Pinot Grigio 2010
Great apple, kiwi and lime purity, subtle and balanced texture, and was great with the prosciutto and polenta we had with lunch.
A variety which I need to have more familiarity with as in my opinion is the most important variety in the region. The 2011 had a clean herbal green papaya and kiwi nose, but having been recently bottled was a little shocked. On the palate it also looked a little hot, but had balanced fruit and acid with full flavours and lees derived texture and richness.
Took me by surprise, as it was one of the most complete and complex I’d seen without any barrel influence.
Abbazia di Rosazzo 2009
Initially showed too creamy and buttery, with vanilla coconut and rich peach notes, a little too fat. After it had opened up it started to show its complexity, but was quite warm and textural.
Terre Alte 2009
The highlight of the tasting, a blend of pinot bianco, sauvignon blanc and friulano. It had very subtle lees derived complexity, and had a wide variety of fruit notes, was bold and rich in character but also gentle and balanced.
Refosco dal Peduncolo 2007
Showed quite rustic, but inspired me to discover more wines made from this variety.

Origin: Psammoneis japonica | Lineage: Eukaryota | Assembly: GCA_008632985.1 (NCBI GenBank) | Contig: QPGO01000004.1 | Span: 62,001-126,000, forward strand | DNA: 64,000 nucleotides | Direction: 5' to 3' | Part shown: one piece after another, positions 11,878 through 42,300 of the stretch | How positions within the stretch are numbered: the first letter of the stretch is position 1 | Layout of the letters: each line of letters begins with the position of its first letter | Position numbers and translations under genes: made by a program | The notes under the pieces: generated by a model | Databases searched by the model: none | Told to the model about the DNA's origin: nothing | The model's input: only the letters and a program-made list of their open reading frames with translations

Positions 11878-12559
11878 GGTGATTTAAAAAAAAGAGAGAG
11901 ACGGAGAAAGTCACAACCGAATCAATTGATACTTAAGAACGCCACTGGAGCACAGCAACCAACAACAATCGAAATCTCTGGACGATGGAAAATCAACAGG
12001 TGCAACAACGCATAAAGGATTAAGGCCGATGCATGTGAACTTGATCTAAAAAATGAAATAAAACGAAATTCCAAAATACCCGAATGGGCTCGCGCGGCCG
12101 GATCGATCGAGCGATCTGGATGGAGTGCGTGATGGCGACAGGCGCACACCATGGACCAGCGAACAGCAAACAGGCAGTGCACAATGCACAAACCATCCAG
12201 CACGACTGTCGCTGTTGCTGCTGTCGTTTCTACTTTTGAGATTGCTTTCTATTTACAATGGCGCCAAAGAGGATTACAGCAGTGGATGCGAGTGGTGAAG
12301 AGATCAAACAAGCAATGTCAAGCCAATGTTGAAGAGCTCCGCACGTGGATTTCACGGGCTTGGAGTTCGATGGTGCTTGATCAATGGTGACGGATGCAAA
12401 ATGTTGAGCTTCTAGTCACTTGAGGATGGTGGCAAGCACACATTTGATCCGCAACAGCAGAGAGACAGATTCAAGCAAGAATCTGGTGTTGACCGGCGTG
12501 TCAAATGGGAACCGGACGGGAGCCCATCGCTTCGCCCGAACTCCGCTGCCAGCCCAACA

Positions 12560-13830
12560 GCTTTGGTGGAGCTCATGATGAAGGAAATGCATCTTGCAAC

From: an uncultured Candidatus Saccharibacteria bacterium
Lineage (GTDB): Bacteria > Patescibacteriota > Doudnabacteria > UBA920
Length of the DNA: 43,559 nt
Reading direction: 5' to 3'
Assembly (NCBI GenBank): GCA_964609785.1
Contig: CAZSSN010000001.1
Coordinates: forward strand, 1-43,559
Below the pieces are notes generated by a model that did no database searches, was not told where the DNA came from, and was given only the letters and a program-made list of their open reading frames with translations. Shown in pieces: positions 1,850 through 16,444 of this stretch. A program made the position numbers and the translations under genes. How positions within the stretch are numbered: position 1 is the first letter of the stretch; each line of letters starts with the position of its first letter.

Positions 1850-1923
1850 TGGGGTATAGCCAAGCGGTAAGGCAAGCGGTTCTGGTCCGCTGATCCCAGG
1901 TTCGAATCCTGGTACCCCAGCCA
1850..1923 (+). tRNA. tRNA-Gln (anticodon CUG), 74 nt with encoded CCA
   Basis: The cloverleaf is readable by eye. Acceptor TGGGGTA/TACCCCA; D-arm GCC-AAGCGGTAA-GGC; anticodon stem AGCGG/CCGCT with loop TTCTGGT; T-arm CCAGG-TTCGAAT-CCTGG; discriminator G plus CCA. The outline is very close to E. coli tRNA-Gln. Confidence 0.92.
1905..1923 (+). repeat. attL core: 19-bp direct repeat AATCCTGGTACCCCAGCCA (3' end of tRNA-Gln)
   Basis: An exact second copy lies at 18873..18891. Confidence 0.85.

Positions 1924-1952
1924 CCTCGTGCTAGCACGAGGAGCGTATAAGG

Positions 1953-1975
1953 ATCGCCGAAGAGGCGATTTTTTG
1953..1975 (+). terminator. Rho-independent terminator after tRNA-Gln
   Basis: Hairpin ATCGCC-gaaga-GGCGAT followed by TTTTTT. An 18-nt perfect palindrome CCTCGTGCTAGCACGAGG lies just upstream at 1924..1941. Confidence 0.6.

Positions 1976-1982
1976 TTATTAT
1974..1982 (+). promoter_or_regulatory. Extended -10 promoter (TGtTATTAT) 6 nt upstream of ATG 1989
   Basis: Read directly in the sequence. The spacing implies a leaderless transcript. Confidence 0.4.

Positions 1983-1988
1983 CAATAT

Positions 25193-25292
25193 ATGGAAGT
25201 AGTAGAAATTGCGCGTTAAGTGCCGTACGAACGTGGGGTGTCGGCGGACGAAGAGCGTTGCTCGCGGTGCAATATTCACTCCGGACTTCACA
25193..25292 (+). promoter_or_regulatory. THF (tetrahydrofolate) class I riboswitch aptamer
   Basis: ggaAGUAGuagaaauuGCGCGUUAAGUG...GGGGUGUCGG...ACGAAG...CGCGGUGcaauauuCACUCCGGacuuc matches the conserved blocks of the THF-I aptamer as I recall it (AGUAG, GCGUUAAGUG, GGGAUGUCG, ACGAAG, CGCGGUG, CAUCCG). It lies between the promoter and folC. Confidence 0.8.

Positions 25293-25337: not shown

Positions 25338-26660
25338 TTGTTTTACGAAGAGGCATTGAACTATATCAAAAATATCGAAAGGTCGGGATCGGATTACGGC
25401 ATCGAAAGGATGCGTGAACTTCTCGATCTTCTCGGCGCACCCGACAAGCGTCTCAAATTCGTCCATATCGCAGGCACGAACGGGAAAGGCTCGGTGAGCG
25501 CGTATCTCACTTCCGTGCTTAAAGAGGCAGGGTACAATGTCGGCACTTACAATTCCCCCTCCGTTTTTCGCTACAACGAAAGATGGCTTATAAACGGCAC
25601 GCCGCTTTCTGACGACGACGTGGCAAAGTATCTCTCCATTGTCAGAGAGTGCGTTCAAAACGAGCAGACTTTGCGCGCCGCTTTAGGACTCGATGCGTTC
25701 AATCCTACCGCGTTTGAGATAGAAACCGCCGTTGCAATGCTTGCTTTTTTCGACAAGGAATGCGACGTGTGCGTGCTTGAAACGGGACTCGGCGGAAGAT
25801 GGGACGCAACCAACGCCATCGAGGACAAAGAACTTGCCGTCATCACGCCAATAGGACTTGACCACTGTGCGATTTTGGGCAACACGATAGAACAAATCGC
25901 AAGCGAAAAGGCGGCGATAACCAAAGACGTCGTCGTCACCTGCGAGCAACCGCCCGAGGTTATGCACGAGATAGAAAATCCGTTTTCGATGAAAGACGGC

The Terre Alte
If you close your eyes, ears, nose and brain, you can almost imagine what Venice must have been like centuries ago when it ruled a vast merchant empire the envy of the world, enough to inspire Shakespeare to set his famous “The Merchant of Venice” in. Shutting off the senses is vital, as the tightly packed streets are filled with either tourists from around the world, or those working to support the tourism industry. Venice is hardly a city that people live in, and for this reason after two days I was pretty sick of it. I shudder to think what it is like in summer, but if it is anything like Paris then it’s almost not worth it. Everything is a little bit more expensive and far from authentic. Thank goodness they at least have one youth hostel, which had possibly the worst breakfast so far on my trip, but in Venice 23 Euro is nothing to sneeze at. After a weekend wandering the alleys and canals I drove up into the other great white wine region of Italy, Friuli. It is similar in some ways to Alto Adige, in the sense that it shares history and culture with its neighbouring countries Austria and Slovenia, it is predominantly white wine focused and there are a range of both indigenous and introduced varieties. What it does not have in common is the micro-climates, as Friuli is a much more Mediterranean climate where they get a lot more rain and warmth, and thus the varieties and styles differ. In spite of the slight difference in culture (and language), the warmth and generosity is the same.
|Yours truly with the Rosazzo Abbey behind me